Optimizing Monero Mining with a Slow Laptop

I blogged recently about how to set up a Monero crypto-currency mining operation earning a whopping 2 cents per day.  I’ve figured how to double that to 4 cents per day!  If you’d like to estimate profits from mining, see whattomine.com.

Mining consists of taking the previous block’s hash and combining the hashes of whatever transactions are being added on and then finding the magic number (“nonce”) to also add in so that the resulting hash turns out correct – usually a specified number of zeros at the beginning of the hash.  The whole nonce and finding a magic hash is really “do nothing” work that can be used to throttle the operation of the network.  If hashes area solved more often than every 2 minutes (for Monero), the whole network cooperatively agrees to find more leading zeros on the next one to slow down the process.

As an aside, realize that finding the magic nonce number to make zeroes in a hash is the same as guessing passwords for your computer.  Most computers don’t store passwords, but they store the hash of the passwords, so if you match the hash, you’ve found the password.  Here’s a SHA-256 hash of my password – 5E884898DA28047151D0E56F8DC6292773603D0D6AABBDD62A11EF721D1542D8. Feel free to guess at different passwords and see if you can match it.   Here’s a program for calculating hashes, if you don’t have one, or you can use this SHA-256 calculator on line.  Or, you could download millions of pre-calculated hashes for passwords people have already used.  If you want, you could run the rcrack to do passwords instead of xmrig, which does cryptocurrency block hashes. No big surprise that xmrig is often snagged by virus scanners as a trojan.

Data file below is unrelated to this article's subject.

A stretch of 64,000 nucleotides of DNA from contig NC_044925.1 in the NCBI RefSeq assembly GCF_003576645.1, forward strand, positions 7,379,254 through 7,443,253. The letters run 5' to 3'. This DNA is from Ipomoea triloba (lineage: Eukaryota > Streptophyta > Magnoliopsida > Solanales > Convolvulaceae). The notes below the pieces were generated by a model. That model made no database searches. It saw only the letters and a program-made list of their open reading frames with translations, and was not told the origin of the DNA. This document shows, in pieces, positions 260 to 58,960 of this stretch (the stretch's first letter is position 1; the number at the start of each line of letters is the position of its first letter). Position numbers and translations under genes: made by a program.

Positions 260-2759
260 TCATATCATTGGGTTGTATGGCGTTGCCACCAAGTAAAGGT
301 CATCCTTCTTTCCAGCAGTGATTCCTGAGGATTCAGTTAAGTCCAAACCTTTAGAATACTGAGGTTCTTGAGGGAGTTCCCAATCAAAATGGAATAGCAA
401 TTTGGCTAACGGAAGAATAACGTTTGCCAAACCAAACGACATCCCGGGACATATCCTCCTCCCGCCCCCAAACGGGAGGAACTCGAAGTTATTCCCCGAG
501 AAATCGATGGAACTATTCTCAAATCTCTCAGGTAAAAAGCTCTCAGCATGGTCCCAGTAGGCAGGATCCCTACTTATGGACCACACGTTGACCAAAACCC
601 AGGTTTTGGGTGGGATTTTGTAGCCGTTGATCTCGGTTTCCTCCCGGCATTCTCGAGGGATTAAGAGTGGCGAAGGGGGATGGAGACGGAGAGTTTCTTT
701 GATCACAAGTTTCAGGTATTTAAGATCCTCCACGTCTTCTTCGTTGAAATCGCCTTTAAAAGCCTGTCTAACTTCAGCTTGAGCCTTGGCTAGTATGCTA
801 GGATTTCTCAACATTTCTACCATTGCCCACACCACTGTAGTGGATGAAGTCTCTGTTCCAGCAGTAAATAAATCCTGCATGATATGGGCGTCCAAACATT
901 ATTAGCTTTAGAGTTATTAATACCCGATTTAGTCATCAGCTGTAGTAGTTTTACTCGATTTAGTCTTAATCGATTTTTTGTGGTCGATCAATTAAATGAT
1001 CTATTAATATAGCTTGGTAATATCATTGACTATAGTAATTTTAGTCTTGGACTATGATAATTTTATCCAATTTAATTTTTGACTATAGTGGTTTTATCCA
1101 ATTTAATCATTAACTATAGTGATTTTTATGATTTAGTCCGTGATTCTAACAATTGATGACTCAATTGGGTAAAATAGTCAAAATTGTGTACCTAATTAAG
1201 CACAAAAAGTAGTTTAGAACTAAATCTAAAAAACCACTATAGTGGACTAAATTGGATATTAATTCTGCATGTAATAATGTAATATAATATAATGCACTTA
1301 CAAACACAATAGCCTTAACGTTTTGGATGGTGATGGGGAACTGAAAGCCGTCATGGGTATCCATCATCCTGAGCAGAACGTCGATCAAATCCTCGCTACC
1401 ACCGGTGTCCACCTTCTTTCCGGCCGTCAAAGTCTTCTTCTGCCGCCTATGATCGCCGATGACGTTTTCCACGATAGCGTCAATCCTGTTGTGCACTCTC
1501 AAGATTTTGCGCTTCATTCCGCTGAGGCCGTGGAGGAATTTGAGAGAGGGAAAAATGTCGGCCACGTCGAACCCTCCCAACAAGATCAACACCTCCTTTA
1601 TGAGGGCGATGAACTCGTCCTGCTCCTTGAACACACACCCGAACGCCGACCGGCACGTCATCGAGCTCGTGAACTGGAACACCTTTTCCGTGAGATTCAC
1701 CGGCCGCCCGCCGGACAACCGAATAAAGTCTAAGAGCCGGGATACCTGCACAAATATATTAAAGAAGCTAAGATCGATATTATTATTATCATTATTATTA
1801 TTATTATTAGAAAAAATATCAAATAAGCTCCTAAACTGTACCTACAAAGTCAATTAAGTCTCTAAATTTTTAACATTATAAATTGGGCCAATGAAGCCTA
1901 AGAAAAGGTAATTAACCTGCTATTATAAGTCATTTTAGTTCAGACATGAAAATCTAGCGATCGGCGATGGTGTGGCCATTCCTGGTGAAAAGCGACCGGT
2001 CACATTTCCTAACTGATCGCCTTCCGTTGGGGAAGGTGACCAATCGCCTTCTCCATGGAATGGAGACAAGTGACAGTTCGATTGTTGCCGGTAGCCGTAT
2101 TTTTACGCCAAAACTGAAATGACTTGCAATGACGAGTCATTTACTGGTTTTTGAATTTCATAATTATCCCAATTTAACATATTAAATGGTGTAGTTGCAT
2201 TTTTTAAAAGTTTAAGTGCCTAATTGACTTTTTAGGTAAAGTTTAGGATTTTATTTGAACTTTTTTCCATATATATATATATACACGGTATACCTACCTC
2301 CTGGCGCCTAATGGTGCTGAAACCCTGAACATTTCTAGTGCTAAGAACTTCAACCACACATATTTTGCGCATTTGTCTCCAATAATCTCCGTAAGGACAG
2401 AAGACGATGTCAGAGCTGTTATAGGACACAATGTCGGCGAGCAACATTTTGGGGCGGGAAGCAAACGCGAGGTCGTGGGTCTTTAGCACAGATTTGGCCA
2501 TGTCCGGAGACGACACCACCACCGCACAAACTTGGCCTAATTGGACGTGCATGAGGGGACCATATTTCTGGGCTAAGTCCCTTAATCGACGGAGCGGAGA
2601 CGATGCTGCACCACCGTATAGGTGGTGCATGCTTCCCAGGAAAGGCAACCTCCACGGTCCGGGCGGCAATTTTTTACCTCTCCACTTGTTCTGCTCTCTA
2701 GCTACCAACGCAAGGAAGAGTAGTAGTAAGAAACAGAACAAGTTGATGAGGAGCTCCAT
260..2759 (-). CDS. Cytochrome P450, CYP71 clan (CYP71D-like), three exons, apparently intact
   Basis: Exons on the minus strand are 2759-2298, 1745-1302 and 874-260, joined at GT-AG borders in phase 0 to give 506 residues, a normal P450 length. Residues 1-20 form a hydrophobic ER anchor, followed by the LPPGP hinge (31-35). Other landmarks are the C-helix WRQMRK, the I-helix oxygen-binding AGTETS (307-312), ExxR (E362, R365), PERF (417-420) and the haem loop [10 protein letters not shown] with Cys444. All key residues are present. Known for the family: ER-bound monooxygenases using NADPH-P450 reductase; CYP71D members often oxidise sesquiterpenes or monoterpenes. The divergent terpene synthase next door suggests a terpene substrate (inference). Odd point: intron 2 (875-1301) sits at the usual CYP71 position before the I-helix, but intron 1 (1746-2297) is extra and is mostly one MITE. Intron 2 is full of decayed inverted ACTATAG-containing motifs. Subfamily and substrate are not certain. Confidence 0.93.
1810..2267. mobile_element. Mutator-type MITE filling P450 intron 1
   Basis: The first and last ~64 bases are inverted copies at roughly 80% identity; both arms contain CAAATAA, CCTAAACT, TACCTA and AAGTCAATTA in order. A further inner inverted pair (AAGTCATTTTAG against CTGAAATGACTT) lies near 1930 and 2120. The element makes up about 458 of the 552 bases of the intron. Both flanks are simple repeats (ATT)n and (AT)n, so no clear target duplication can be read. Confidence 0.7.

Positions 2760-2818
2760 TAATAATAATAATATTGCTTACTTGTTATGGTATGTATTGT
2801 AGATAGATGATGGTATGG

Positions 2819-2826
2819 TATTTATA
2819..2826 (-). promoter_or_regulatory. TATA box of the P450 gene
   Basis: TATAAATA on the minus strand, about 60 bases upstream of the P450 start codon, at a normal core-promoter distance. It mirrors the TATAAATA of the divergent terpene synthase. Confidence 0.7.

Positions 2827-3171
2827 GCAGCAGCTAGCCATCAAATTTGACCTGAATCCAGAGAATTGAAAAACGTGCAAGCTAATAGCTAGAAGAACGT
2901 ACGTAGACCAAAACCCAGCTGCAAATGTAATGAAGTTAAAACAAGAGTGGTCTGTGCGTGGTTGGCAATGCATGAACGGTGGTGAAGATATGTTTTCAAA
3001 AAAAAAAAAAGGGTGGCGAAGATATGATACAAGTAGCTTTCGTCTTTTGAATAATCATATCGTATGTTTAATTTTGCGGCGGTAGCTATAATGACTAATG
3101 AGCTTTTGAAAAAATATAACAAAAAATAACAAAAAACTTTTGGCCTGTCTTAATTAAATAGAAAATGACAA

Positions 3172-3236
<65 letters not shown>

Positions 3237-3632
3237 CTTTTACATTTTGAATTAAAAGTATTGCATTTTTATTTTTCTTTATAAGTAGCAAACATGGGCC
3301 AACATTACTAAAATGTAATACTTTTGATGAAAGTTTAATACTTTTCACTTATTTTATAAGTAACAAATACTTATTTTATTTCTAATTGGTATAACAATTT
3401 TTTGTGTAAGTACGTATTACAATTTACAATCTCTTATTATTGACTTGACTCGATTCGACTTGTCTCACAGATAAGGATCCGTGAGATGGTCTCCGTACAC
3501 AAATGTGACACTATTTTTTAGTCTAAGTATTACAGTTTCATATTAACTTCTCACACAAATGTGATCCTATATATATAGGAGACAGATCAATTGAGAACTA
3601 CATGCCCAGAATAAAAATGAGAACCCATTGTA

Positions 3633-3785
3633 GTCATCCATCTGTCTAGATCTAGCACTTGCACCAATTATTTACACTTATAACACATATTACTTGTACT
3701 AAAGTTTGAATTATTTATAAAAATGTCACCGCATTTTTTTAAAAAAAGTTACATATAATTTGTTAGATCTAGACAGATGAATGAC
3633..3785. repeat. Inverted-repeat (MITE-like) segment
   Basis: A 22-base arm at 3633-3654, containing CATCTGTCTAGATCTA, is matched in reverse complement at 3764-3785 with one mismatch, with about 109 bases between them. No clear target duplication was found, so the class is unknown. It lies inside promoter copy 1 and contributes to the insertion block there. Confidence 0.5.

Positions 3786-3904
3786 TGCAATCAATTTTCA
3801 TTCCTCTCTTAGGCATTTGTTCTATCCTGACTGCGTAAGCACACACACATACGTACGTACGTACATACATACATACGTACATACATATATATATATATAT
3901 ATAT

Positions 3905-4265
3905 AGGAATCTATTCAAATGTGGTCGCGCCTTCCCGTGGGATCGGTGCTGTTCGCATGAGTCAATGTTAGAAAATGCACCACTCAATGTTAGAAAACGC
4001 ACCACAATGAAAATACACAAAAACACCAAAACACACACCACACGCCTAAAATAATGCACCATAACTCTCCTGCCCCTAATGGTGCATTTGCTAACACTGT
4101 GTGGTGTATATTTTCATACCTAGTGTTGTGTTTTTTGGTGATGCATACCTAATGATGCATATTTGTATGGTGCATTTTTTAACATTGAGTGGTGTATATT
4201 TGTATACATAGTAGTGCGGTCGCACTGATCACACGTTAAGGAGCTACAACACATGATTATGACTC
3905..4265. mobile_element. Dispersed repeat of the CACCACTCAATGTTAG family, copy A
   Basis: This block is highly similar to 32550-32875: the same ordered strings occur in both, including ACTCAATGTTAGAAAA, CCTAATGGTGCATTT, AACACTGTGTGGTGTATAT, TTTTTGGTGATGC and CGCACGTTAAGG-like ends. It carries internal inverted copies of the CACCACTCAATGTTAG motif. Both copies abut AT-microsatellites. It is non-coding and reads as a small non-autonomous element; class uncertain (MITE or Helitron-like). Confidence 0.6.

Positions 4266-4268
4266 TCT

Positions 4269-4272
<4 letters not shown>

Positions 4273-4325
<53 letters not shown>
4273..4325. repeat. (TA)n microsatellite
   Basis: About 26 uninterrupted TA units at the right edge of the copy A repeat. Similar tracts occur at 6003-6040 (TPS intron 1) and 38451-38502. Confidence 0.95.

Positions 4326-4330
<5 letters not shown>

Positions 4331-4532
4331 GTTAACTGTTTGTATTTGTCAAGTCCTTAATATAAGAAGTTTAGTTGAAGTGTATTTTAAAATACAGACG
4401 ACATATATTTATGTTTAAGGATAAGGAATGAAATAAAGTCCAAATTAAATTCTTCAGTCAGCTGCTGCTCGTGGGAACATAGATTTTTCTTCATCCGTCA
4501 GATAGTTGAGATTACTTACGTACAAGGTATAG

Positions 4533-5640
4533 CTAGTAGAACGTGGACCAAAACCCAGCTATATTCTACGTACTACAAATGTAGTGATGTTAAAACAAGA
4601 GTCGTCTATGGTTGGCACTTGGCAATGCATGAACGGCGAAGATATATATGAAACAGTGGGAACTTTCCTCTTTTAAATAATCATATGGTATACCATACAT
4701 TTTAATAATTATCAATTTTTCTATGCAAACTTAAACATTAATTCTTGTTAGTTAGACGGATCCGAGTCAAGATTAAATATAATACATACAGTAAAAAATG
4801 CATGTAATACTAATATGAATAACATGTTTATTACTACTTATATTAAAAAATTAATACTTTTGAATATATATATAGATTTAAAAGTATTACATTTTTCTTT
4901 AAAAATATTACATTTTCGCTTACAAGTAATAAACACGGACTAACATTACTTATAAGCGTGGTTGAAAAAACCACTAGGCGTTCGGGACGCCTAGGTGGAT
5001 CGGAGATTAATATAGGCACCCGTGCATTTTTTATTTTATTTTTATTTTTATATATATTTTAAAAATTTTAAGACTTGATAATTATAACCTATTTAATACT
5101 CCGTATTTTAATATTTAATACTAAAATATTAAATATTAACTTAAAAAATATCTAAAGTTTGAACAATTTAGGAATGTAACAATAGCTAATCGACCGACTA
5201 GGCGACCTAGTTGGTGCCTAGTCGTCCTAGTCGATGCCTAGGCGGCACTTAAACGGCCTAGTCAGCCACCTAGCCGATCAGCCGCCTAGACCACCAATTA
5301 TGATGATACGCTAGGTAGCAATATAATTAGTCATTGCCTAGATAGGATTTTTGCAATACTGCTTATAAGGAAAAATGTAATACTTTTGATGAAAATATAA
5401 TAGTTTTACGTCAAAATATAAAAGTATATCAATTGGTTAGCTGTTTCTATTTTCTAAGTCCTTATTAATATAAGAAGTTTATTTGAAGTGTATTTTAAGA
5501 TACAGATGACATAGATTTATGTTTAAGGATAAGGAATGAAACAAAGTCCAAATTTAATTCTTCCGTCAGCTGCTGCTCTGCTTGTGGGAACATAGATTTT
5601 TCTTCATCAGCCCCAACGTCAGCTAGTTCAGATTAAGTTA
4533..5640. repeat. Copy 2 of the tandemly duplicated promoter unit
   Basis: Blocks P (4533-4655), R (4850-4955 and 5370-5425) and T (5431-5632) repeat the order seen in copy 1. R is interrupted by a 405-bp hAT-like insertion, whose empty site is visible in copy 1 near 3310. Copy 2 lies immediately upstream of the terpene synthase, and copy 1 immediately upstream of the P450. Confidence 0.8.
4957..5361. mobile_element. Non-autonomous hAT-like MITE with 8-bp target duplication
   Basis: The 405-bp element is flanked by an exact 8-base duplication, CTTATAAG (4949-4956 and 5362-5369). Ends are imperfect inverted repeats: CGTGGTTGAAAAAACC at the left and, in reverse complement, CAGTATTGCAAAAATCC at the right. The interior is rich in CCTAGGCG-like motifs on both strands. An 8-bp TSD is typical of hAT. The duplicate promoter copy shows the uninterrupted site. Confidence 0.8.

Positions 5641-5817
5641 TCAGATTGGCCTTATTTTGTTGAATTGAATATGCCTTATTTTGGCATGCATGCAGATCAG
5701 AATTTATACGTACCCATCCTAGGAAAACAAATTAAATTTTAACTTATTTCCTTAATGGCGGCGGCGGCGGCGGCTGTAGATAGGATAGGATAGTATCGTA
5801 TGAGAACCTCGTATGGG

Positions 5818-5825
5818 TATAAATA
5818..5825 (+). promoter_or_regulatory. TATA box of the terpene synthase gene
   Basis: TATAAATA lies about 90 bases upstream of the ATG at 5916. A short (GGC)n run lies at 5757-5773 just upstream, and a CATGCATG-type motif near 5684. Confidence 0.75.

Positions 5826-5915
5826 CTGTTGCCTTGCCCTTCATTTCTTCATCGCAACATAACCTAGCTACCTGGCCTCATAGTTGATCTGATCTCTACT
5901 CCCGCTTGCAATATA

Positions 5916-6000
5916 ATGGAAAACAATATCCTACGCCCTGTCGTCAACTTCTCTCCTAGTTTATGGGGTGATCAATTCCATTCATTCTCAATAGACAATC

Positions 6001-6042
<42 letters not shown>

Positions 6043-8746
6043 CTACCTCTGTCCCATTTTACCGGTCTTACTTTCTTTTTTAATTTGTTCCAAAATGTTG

Assuming you’re in a mining pool like moneroocean.stream, you’ll get assigned a nonce to try and then your computer reports back the results.  With my 1.73 GHZ 64-bit Intel Core i7 Q740 processor (1 MB L2 cache, 6 MB L3 cache) laptop, I was able to sustain an average of only 25 hashes/sec even when I set the configuration file limit to 100% CPU in the xmrig configuration file. Here’s the startup window as xmrig starts:

Doing 25 hashes/sec averages out to about 2 cents per day at current monero prices and pool payout.  Looking at the Windows 10 Resource Monitor, I noticed I was running only about 40% of the CPU for some reason – maybe cache limited?

Running a second instance of the program boosted the hash rate into the high 30s.  CPU maxed at a stead 80% even though the limit was set to 100%.  So.. I ran a third instance of the program.  CPU maxed at 100%, with the three processes each taking about 33%.  My hash rate as measured on the moneroocean.com website dashboard has stabilized at 55 hashes/sec.  That’s a 100% increase from what I originally had by simply running 3 instances of the miner on the laptop rather than one.

Notice the three xmrig processes, each using about 33% of the CPU.  As I brought each on-line, CPU went from 40% to 80% to 100%.  Running a 4th instance knocked the CPU % on each down to 25%, so I reached the point of no value return.  I went back to running 3 instances.

I started on moneroocean port 10001 (25-50 hashes/sec) in all 3 windows, which initially issues hashes with difficulty of about 1000.  My triple-instance laptop must have been too slow because over the course of about 20 job submissions to me, the moneroocean server has backed all three instanced down to difficulties of 630, 480, and 510.  My hash rate has dropped from 55 to 50.  But at least I kept my CPU 100% occupied.

When I was running on port 80 (1-5 hashes/sec), the difficulty started at 100 and had automatically crawled up to 800 when running one instance.  I think I’ll stay on port 10001 and let it adjust down rather than 80 and let it adjust up. Probably doesn’t matter.

Keeping 3 instances of the xmrig program running seems to keep my CPU 100% tasked and does the most calculations.  Because the xmrig process is started with a lower than normal priority, when I type on the keyboard or do something else, the xmrig processes yield.


About Brian

Engineer. Aviator. Educator. Scientist.
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